Setting the right price matters; it shouldn’t be so high that your house won’t sell or so low that you’ll miss out on profit. A real estate broker can help determine the right price. To have confidence in the price attached to your listing, research the sale prices of comparable homes in your area by visiting popular home search sites. You may even want to hire a professional appraiser to help determine your asking price.

 Prepare to negotiate.

If you hire a broker, all offers and counteroffers are presented through your agent, so you’ll probably avoid face-to-face negotiations with potential buyers. If you’re selling your home on your own, you’ll be in charge of negotiating. Be flexible as you review offers, but don’t jump to accept the first offer you get—especially if it’s below your asking price.

Factor in your financial situation before signing anything.

Accommodations can be made if you’re buying another home and need to come up with a down payment before receiving the proceeds from the sale of your current home. Ask your lender about a bridge loan, which is a short-term mortgage that is paid off once the sale of your home is complete. If necessary, include a closing-on-sale contingency clause in your contract, which allows you to delay the closing on your new home for a certain period of time while you find a buyer for your current home. If you can’t find a buyer within the allotted time frame, the purchase contract is canceled and any deposits are returned to you (unless you and the seller agree to extend the agreement).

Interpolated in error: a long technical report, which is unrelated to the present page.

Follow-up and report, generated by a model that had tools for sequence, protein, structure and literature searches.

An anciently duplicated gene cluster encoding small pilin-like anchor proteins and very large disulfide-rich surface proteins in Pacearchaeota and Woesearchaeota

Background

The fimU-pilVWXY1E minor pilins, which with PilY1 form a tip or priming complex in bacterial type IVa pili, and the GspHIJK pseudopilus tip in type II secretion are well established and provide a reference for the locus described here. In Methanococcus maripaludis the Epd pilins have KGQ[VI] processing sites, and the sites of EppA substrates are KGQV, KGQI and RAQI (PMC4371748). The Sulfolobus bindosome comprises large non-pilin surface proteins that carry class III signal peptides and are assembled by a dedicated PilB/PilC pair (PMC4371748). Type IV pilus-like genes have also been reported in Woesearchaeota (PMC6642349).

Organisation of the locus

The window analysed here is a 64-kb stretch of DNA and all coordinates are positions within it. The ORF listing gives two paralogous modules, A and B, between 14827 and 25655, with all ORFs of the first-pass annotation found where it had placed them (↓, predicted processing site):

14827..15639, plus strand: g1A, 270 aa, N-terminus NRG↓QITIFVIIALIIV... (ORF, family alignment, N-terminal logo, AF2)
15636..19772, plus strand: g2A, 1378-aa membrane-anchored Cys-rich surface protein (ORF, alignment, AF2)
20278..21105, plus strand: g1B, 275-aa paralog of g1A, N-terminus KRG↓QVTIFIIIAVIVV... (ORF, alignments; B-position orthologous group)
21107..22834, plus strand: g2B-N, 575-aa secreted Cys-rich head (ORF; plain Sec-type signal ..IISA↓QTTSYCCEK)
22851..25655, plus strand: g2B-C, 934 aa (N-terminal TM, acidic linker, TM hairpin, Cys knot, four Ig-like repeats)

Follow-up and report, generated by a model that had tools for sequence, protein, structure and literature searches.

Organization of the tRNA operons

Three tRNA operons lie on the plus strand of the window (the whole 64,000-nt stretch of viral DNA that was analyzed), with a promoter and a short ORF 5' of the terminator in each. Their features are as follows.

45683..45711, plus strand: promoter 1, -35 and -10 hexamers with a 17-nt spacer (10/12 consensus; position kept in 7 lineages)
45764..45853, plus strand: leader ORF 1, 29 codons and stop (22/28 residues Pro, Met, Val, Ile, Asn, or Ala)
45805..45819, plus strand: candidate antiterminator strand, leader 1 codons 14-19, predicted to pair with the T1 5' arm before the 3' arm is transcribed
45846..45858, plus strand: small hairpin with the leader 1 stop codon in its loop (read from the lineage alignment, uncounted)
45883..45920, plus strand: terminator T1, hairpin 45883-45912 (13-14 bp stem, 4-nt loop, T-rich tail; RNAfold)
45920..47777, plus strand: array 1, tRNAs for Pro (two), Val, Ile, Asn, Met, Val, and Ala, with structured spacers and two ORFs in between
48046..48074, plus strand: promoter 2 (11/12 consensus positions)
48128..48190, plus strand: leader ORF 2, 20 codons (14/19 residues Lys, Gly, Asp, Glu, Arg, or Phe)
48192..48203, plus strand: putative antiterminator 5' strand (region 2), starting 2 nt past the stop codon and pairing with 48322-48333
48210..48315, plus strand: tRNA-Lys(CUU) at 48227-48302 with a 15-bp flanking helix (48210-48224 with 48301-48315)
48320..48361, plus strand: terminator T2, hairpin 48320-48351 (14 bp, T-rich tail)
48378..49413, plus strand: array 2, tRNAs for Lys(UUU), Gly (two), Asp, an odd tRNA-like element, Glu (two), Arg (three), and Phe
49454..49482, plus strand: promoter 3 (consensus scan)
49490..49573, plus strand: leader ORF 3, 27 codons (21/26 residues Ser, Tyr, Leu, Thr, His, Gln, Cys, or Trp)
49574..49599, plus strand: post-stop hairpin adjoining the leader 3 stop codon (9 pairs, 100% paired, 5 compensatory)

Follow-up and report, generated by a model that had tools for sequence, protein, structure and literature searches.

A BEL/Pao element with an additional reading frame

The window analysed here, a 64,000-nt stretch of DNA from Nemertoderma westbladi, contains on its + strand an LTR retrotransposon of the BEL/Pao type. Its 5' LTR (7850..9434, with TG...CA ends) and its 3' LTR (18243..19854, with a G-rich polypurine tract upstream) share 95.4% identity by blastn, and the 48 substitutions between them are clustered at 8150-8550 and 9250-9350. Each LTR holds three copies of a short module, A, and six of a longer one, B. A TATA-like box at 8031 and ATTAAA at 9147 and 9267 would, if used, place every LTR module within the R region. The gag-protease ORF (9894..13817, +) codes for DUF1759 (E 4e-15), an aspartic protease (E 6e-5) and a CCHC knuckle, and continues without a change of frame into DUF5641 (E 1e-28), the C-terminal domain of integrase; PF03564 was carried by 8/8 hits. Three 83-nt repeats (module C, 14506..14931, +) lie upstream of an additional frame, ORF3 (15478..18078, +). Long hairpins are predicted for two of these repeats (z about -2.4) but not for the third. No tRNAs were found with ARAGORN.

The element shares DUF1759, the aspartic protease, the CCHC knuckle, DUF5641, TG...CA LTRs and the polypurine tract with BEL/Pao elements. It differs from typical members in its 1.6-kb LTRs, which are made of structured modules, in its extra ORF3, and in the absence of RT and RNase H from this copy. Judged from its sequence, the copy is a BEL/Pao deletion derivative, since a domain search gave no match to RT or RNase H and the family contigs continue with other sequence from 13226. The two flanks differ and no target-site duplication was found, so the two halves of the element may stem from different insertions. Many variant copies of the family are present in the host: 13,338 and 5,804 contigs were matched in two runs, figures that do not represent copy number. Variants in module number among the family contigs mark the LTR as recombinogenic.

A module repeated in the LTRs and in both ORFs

In addition, be sure to consider the tax implications of selling your home. Most sellers can exclude from taxation some or all of the capital gains they realize (up to $250,000 for single filers and up to $500,000 for married couples filing jointly) upon selling their primary residence. See IRS Publication 523, Selling Your Home for details.

Finalizing the Deal

After agreeing to terms with the buyer and deciding how to handle the proceeds, closing is the final step. Your main responsibility will be to make sure that any agreed-upon repairs have been made and that the buyer is getting clear title to the home. Make sure that all of the paperwork is in order—your attorney, who should attend the closing with you, can handle this for you. Then, it’s time to celebrate a done deal!

This material has been provided for general informational purposes only and does not constitute either tax or legal advice. Although we go to great lengths to make sure our information is accurate and useful, we recommend you consult a tax preparer, professional tax advisor, or lawyer.

Adapted with permission from Broadridge Advisor Solutions.

© 2021 Commonwealth Financial Network®

Classic white New England House
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How to Read Your Medical Bill

Benefit plans are sometimes confusing and medical bills are becoming increasingly complex and difficult to read. This Know Your Benefits article outlines ways to save money by reviewing your medical bills with a careful eye. Read it now.

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Anna Moorman Recognized by Anthem for Medicare Sales

Anna Moorman

Anna Moorman

Anna Moorman has been recognized for Medicare supplement sales in 2020 by Anthem, one of the largest Medicare supplement carriers in the state of Maine.